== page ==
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Analysis and Implications of the Recent Increase in Housing Construction

Jiyoon Oh, Kyu-Chul Jung 2016/11/30
FacrBook
■ The recent surge in housing construction is more related to banks’ lending attitudes than to the economy. And there is a larger increase in housing supply than demand, unlike in the past.

○ The rapid growth is mostly unrelated to non-housing sectors, and instead, is more connected to the easing of banks’ lending attitudes towards households following the launch of policy measures aimed at boosting the real estate market.

○ The slight drop in real prices in housing construction, in spite of the sharp increase in construction volume, implies that the recent increase is driven by supply not demand.

■ If slower growth of housing construction appears in the future, firms in the construction industry may suffer from their worsening profitablities. Therefore, financial stability of construction companies should be observed preemptively.

○ Despite enjoying improvements in profitability, construction companies may experience weakening financial stability if faced with adjustments and interest rate hikes.

○ Given that structural adjustments during a declining period is much more costly, construction companies with low profitability and weak financial fundamentals should undergo restructuring in advance.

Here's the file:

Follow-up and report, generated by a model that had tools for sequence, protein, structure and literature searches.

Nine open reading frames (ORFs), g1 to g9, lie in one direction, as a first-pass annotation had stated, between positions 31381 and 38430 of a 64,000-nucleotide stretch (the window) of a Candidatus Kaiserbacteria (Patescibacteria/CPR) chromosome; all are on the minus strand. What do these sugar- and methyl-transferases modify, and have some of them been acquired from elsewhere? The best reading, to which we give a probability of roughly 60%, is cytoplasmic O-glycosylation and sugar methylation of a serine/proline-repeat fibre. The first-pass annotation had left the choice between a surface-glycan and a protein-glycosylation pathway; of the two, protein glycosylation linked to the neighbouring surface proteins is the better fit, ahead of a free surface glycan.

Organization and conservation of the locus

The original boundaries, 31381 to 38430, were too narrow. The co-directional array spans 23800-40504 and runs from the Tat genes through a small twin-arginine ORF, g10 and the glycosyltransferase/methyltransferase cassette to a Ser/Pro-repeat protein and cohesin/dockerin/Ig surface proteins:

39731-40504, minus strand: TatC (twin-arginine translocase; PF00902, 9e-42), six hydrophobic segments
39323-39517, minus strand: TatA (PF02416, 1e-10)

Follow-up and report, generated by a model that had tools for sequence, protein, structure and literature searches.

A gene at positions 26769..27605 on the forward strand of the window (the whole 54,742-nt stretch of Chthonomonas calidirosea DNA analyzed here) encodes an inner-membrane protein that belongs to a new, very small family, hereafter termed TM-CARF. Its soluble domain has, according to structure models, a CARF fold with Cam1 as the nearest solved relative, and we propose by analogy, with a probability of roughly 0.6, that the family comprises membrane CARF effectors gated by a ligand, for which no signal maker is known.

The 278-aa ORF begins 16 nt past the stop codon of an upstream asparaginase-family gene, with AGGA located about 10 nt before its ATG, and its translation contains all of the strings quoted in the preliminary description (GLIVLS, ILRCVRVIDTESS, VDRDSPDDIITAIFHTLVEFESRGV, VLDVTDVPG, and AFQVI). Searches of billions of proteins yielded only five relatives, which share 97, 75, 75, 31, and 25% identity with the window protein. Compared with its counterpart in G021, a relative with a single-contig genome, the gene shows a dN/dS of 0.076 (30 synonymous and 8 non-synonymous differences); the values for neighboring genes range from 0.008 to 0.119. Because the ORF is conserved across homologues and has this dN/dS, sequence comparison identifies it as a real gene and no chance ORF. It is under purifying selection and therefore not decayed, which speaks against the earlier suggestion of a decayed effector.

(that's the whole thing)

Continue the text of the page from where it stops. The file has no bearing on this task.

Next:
■ Meanwhile, the recent surge in housing construction on mounting mortgage debt implies that the expected returns are low in production-related sectors. To tackle this issue, efforts are needed to expand growth potential.

○ Increased housing construction on growing housing debt and significantly reduced corporate debt and facilities investment means that funds are rushing into the housing construction sector as a result of the low expected return in production-related sectors.

○ Under the circumstances, for financial resources to flow into productivity -enhancing investments, policy efforts that strengthen the efficiency of the Korean economy, such as restructuring insolvent companies and enhancing labor market flexibility, are needed rather than short-term stimulus packages.
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